Was Libya the invisible hand behind last weekend's tragic hijacking of an Egyptian airliner? Egypt is insisting it was. Mideast experts in the United States say the circumstantial evidence points in that direction.
``It's quite plausible there's a Libyan connection,'' says Ray Cline, a terrorism specialist at the Georgetown Center for Strategic and International Studies. ``Qaddafi is bitterly hostile toward the Egyptians. It's clear he would like to embarrass and if possible to destroy Mubarak. Under these circumstancs, a Libyan connection is something you tend to expect.''
Speculation regarding a possible Libyan role comes as officials assess the toll from last Sunday's attack by Egyptian commandoes on a hijacked Egyptian airliner in Malta. The assault left 60 people dead, including all but one of the estimated five hijackers.
Responsibility for the hijacking was originally claimed by a group known as Egypt's Revolution, an obscure terrorist organization which last August claimed responsibility for the killing of an Israeli diplomat in Cairo.
The hijacking now appears to be linked to another shadowy Egyptian-based terrorist group known as the Egypt Liberation Organization. According to news reports, the organization -- a dissident faction of the Palestine Liberation Organization -- is headed by a Palestinian terrorist with alleged Libyan connections named Sabri Banna. Since breaking with the PLO in 1972, the organization has been implicated in numerous terrorist attacks.
Reports say the group has been ardently opposed to Egypt's close association with the US and to relations with Israel developed during the Camp David peace process.
More recently, Sabri Banna, also known as Abu Nidal, was said to be outraged by a recent statement by PLO leader Yasser Arafat renouncing all PLO guerrilla activity outside Israeli-occupied territory.
In a statement issued Monday, the Libyan government denied any involvement in the Egyptair incident, saying permission to land the plane on Libyan territory would have been denied if requested by the hijackers.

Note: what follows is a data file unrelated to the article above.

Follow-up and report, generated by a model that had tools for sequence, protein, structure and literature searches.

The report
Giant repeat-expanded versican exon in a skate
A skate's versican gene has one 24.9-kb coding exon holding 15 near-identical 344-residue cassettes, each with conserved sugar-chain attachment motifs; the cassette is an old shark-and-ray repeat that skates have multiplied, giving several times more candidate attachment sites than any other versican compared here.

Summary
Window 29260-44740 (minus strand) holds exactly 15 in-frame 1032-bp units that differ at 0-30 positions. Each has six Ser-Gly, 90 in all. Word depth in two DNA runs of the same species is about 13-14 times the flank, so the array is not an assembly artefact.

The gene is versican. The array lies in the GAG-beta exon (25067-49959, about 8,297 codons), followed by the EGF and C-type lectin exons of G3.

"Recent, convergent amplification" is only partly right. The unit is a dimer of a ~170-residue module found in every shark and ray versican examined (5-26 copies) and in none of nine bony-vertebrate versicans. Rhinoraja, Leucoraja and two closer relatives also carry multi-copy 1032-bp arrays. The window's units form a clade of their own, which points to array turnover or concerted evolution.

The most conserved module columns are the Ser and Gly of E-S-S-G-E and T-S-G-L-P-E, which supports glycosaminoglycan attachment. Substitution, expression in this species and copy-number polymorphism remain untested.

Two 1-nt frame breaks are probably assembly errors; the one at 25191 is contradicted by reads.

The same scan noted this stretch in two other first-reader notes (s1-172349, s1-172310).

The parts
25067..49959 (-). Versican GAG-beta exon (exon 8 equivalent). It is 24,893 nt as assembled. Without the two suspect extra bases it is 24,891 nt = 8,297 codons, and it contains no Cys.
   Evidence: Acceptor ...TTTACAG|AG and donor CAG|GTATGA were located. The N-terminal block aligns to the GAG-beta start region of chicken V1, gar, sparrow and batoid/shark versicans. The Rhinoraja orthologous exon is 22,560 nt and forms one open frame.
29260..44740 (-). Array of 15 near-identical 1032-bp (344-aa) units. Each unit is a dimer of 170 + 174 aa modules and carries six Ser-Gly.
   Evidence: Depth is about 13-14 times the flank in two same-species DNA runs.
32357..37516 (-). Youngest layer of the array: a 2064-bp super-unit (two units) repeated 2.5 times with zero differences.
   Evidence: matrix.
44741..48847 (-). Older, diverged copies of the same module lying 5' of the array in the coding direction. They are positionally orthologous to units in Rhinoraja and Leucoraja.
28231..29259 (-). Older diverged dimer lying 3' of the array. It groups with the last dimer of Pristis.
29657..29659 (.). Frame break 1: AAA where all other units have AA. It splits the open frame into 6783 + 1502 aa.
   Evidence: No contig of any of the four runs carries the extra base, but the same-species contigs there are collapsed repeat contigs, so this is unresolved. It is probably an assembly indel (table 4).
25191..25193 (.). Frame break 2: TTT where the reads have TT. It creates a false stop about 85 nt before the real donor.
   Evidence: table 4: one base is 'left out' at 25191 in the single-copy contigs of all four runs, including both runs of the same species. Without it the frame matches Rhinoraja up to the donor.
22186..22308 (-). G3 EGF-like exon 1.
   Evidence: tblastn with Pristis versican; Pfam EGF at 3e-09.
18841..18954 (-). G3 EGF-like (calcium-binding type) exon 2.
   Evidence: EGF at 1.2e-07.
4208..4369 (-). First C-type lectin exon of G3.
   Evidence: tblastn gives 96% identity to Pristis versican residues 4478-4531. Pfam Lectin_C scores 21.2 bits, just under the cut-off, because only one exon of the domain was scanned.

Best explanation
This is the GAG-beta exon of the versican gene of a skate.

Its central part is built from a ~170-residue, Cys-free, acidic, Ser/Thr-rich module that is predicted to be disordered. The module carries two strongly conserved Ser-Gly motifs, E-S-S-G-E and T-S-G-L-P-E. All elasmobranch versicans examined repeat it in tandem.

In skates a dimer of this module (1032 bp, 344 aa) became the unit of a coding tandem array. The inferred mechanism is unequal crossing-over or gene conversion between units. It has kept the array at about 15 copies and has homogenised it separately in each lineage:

Egyptian sources, noting that it was the Libyan ambassador to Malta who made the first attempt to negotiate with the hijackers, insist on a Libyan connection. In a statement Tuesday, Cairo accused the government of Muammar Qaddafi of providing the ``fund-raising and incitement'' behind the hijacking. ``The Libyans have been implicted in so many terrorist threats against Egypt,'' concurs a US State Department official. ``Rest assured, we have many reasons to believe the Libyans are involved in the Eg yptair incident as well.''
``So far, neither the Egyptians nor anyone else has confirmed the Libyan connection,'' says a European-based Middle East specialist. Despite Qaddafi's frequent involvement in terrorism, he says, this would be the first time Qaddafi has been linked to a hijacking.
``But Libya's involvement still seems plausible,'' possibly reflecting Qaddafi's weakened political position at home and growing diplomatic isolation in the Arab world. ``Also, it was a chance to deliver a very hard blow to Mubarak, to all the Arab moderates.'' says this source.
Egyptian relations with Libya turned sour a decade ago when the two nations broke relations over Egyptian participation in the Camp David peace process. In 1977, they fought a brief border war and more recently have competed for influence in Sudan following the coup last April that toppled the government of Sudanese President Jaafar Nimeiry. The enmity between the two nations has been compounded by a series of recent Libyan terrorist operations inside Egypt.
Experts here say one reason Cairo has been so eager to point an accusing finger at Tripoli is to provide a base of popular support for a show of Egyptian military force against Libya. Sunday, Mubarak placed Egyptian military forces along the Libyan border on alert.
But domestic political factors may be at work as well. Experts say blaming Libya may be one way for Mubarak to deflect criticism for the handling of the Achille Lauro affair last month. Combined with Mubarak's recent embrace of PLO leader Arafat, the move is also seen here as a way of making inroads on the growing opposition to the Mubarak government from Egypt's Islamic fundamentalists and Nasserite leftists.
``It's consistent with Egyptian policy to blame the Libyans,'' says Middle East expert Raymond Baker of Williams College. ``Within Egypt, such opposition deflects attention from the larger, more important issue -- the groundswell of opposition to Camp David, the Middle East peace process, and Egypt's American connection in general.